Abbott’s approval is down, as coronavirus cases go up

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In recent polling by The Texas Politics Project, Gov. Greg Abbott’s job approval rating has dropped, as the number of COVID-19 cases rises in the state.

The poll features numerous questions on attitudes toward the coronavirus pandemic, finding that Texans have become less approving of state and national leadership. In Abbott’s case, from April to June 2020 his job approval trend has decreased from 56 to 49 percent. 

This comes as Texas reports more than 200,000 cases and 2,600 deaths from COVID-19. According to projections from the Centers for Disease Control and Prevention, the state is expected to get more than 2,000 hospitalizations over the course of the next two weeks as well.

Many Democratic leaders blame the so-called leadership from Abbott and other GOP leaders. One outspoken critic has been former Texas Congressman Beto O’Rourke, who called Abbott’s direction “negligent”:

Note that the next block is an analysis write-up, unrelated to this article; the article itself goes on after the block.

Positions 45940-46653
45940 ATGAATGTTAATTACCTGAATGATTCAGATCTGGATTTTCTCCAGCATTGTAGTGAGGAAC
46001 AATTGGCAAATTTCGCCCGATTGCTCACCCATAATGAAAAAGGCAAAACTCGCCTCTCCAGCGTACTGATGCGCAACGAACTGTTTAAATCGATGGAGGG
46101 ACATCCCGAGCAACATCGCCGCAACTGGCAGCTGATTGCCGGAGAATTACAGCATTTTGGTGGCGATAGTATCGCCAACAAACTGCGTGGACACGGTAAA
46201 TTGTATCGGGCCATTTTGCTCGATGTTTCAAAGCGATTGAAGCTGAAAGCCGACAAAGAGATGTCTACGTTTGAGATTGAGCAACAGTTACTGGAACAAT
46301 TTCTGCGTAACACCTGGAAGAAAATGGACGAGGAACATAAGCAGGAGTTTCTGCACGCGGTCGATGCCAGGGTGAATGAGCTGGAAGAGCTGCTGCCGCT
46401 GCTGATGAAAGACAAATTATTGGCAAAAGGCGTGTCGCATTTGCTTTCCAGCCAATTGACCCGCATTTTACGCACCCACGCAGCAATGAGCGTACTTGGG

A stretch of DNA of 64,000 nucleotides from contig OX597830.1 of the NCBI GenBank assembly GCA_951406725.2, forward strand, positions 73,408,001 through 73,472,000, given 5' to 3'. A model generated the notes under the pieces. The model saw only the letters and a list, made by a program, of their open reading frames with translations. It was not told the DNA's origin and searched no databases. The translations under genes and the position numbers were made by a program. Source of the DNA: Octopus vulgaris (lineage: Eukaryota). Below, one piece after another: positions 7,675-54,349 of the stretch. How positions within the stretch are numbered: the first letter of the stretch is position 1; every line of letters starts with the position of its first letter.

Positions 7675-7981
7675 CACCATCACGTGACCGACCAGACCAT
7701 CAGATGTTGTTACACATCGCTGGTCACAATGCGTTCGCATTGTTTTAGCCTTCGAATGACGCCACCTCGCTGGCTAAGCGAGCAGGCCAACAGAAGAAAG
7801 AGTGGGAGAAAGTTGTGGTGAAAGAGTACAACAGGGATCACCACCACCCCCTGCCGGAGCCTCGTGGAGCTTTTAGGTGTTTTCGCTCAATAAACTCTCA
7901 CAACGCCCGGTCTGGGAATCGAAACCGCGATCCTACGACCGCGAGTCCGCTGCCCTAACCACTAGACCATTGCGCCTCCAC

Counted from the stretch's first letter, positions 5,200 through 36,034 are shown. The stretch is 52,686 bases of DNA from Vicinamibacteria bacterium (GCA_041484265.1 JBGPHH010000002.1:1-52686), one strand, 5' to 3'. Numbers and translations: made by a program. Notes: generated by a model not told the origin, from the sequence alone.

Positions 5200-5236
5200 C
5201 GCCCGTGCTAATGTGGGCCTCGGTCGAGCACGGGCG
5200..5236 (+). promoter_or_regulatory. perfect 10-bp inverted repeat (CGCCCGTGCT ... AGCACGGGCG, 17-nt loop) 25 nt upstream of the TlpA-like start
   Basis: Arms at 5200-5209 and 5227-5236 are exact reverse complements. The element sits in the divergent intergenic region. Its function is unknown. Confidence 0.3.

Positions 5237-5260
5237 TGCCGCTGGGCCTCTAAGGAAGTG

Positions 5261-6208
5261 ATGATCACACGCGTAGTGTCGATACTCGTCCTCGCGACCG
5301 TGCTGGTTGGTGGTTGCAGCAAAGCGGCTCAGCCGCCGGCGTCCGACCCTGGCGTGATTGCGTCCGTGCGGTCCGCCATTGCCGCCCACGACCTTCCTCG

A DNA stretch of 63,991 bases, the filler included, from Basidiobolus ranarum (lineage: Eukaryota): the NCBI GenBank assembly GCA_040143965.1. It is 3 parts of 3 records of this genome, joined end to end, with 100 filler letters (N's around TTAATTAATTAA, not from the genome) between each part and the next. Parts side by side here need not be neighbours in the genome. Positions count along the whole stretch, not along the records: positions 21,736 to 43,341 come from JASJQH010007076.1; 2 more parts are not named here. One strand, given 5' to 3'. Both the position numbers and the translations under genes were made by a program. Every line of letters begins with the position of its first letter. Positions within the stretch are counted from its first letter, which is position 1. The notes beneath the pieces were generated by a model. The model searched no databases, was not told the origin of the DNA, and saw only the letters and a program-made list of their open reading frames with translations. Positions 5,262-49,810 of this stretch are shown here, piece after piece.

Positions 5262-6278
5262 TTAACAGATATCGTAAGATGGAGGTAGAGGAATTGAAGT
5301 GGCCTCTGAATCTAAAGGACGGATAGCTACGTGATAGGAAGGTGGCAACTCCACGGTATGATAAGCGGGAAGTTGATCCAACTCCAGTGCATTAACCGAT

“Abbott opens Texas too soon, issues mask order too late, denies local leaders authority to contain the virus — causing uncontrolled COVID spread, many hospitalized & soon dead because of his negligence — and then blames local officials?” O’Rourke posted on Twitter. “Pathetic. Resign.”

Abbott has not responded to O’Rourke yet, but in response to former Attorney General Eric Holder—who has also been critical of Texas leadership—Abbott deflected blame:

“Why have more Texans recovered from COVID than any other state & twice the number of New Yorkers?” Abbott tweeted to Holder. “Why is CA spiking more than TX even though it shut down harder & longer than TX?”

Abbott’s deflections only hold so much weight. Under Abbott’s orders, restaurants in the state are still allowed 50 percent capacity. And Abbott allowed bars to open on May 22, but then ordered for bars to close a month later, expressing regret: “If I could go back and redo anything, it probably would have been to slow down the opening of bars.

Data from the Texas Department of State Health Services and The Texas Tribune shows that 10 trauma service regions in Texas have more than 70 percent of their beds filled.

Photo: Tom Fox-Pool/Getty Images

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